Encyclopedia Astronautica
Concept ICBM

American orbital launch vehicle. The January 1951 design for the Atlas used seven main engines plus two vernier engines to hurl the 3600 kg nuclear warhead over a 9300 km range. CEP was optimistically estimated as 460 m.

Standard warhead: 3,600 kg (7,900 lb). Maximum range: 9,300 km (5,700 mi). CEP: 0.46 km (0.28 mi).

Status: Concept 1951.
Payload: 3,600 kg (7,900 lb).
Height: 43.00 m (141.00 ft).
Diameter: 3.66 m (12.00 ft).
Thrust: 1,710.00 kN (384,420 lbf).

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Associated Countries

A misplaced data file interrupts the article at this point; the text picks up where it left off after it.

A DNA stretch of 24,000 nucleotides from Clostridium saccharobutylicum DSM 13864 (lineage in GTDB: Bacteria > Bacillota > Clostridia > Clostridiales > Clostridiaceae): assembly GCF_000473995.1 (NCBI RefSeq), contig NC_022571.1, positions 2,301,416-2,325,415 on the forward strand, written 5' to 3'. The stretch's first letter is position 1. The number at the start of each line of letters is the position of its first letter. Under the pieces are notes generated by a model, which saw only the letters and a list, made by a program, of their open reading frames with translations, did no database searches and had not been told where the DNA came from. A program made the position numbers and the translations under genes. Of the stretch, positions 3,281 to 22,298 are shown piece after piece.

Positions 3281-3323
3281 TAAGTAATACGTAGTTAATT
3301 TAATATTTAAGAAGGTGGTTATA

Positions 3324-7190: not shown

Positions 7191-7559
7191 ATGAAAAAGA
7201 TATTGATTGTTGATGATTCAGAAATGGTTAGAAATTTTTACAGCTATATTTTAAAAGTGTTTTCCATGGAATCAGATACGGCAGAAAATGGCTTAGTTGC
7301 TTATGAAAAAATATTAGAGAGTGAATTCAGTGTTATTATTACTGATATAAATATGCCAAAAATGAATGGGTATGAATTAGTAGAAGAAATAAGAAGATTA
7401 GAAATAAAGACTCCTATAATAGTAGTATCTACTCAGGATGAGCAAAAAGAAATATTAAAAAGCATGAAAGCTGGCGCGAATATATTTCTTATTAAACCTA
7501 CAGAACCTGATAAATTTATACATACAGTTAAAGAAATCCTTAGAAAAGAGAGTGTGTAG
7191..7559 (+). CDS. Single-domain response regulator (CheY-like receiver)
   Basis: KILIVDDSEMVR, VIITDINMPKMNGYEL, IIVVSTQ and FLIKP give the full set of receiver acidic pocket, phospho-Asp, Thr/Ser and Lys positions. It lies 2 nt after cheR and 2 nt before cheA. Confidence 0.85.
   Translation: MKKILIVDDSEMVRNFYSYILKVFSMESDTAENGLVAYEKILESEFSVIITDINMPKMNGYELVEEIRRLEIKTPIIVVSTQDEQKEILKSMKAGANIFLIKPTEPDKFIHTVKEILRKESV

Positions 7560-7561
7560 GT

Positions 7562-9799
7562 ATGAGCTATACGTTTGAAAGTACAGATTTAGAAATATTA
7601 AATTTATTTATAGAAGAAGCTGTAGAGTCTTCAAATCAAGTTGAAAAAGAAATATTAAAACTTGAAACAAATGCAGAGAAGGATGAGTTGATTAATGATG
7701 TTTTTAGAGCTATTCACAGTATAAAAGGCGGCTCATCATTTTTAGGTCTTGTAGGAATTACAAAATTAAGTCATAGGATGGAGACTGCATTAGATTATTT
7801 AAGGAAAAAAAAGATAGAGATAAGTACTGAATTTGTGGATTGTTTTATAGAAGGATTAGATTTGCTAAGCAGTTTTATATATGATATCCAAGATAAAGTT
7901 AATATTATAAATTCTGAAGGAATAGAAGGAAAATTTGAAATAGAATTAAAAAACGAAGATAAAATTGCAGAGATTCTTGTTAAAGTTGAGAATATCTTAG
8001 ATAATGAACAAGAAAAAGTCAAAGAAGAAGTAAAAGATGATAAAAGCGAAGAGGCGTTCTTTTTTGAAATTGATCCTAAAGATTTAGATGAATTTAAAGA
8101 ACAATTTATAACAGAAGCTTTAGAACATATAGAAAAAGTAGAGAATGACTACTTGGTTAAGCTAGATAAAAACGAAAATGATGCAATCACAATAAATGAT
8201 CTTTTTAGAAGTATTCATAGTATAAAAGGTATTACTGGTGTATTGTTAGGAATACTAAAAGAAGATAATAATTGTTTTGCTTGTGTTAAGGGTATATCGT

See also
  • Atlas The Atlas rocket, originally developed as America's first ICBM, was the basis for most early American space exploration and was that country's most successful medium-lift commercial launch vehicle. It launched America's first astronaut into orbit; the first generations of spy satellites; the first lunar orbiters and landers; the first probes to Venus, Mars, Mercury, Jupiter, and Saturn; and was America's most successful commercial launcher of communications satellites. Its innovative stage-and-a-half and 'balloon tank' design provided the best dry-mass fraction of any launch vehicle ever built. It was retired in 2004 after 576 launches in a 47-year career. More...

Associated Manufacturers and Agencies
  • Convair American manufacturer of rockets, spacecraft, and rocket engines. Convair, USA. More...

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